* Better bandwidth usage. Circuit-switched voice networks frequently waste available bandwidth because voice lines sit idle for a significant portion of each day. By using a packet-based network for telephony transport, carriers and companies can reduce costs by leveraging unused and expensive wide area network bandwidth for data services. For example, idle voice bandwidth can be used for large overnight data transfers or backups.

* Higher productivity. Converged voice/data networks make deploying new, converged applications possible, increasing productivity. Examples include instant messaging (the ability to contact someone via phone, e-mail, PDA, pager or other media, wherever they are), voice-to-text, text-to-speech, videoconferencing, distributed call centers and voice mail networking for companies with multiple offices.

* Higher quality of service and improved customer satisfaction. With a packet-based network, carriers and service providers can monitor quality of service (QoS) by subscriber or application to guarantee adherence to service-level agreements. They can also allocate bandwidth dynamically as customer or application requirements change.

* A continuous path to future innovation. With an agreed-upon set of open standards behind a converged voice/data network, a surge of innovation will begin, with profound effects only glimpsed today. In 1990, predicting the Internet's powerful influence on business and society was impossible, and yet, 10 years later, the transformation is happening. That same type of transformation in converged voice and data services will be seen over the next decade.


To prepare for the transition to standards-based telephony, companies can begin by eliminating proprietary solutions. For example, many PBXs and other telecommunications platforms are specific to a particular vendor, and do not support IP or other open standards. In contrast, newer ICPs offer a bridge to future open telephony networks by simultaneously supporting both PSTN telephony and IP-based data transmission and applications.

Ideally, any standards-based voice/telephony solution for business should support a company's current voice and data services, while offering a smooth and cost-effective migration path to tomorrow's networks and services. Many companies are not ready for a complete move to packet-based telephony today, so a replacement ICP should be modular, allowing for upgrades of specific services on a schedule that matches the company's needs and budget.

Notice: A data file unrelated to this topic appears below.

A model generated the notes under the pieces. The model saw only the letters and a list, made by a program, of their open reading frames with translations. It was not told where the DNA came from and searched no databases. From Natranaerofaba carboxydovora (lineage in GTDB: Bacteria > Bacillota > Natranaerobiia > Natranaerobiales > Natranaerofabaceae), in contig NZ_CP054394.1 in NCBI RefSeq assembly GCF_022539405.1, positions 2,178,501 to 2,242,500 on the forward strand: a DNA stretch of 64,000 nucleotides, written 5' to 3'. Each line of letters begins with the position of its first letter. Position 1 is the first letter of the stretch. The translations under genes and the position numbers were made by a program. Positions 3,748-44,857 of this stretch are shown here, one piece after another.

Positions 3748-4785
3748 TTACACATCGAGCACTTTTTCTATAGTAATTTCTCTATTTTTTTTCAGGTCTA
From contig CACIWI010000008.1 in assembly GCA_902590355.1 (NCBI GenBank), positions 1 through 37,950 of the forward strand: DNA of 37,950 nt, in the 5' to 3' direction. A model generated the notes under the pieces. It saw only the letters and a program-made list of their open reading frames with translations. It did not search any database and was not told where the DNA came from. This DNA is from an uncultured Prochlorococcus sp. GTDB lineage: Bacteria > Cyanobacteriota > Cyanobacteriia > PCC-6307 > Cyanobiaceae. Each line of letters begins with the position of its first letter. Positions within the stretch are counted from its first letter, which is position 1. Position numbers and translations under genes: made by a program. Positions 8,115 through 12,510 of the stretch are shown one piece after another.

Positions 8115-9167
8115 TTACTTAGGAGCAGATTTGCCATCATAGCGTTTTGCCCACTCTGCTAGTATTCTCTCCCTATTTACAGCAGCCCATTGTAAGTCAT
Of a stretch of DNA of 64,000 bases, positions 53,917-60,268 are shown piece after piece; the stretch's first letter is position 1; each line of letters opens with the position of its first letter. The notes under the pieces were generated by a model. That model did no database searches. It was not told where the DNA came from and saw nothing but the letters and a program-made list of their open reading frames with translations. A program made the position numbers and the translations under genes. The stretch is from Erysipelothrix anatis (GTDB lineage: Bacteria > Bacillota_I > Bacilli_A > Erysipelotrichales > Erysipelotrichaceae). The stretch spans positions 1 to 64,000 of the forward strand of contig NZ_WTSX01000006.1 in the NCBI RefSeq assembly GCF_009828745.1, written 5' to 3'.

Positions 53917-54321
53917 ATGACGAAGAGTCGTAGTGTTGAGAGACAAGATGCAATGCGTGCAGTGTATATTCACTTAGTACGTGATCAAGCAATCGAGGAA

Following are some key considerations for companies selecting an ICP as a platform that enables a migration to a standards-based future in converged voice/ data communications:

* support for multiple IP telephony signaling protocols;

* support for multiple broadband access technologies;

* single point of management for both voice and data capabilities;

* support for standards-based QoS mechanisms;

* simultaneous connections to both packet-switched and circuit-switched networks through a wide variety of interface types;

* reliability, including redundancy on major system components;

* support for advanced features, such as automated call distribution and interactive voice response; and

* modular design that allows for gradual upgrades toward full convergence.

By selecting an ICP with these qualifications, companies can build an effective bridge to the new world of voice/data convergence. Within a few years, open standards will deliver a vast array of converged telephony applications and services, and the companies whose communications platforms support these standards will be best positioned to profit from them.

Pelham is senior product manager at Vertical Networks, Inc., Sunnyvale, CA.

Circle 266 for more information from Vertical Networks
COPYRIGHT 2000 Nelson Publishing
No portion of this article can be reproduced without the express written permission from the copyright holder.
Copyright 2000 Gale, Cengage Learning. All rights reserved.

Article Details
Printer friendly Cite/link Email Feedback
Title Annotation:Technology Information
Comment:Telecommunications carriers are slowly constructing a converged voice/data infrastructure that will drive an explosive development of new telephony services and applications.
Author:Pelham, Bryan
Publication:Communications News
Geographic Code:1USA
Date:Sep 1, 2000
Previous Article:Look beyond T1 and DS-3 to managed optical IP network.
Next Article:All-time high competition challenges the airlines.

Related Articles
The telecommunications server revolution.
The most trusted name in VoIP & IP Telephony Conferences: Internet Telephony[R] Conference & Expo.

Terms of use | Privacy policy | Copyright © 2019 Farlex, Inc. | Feedback | For webmasters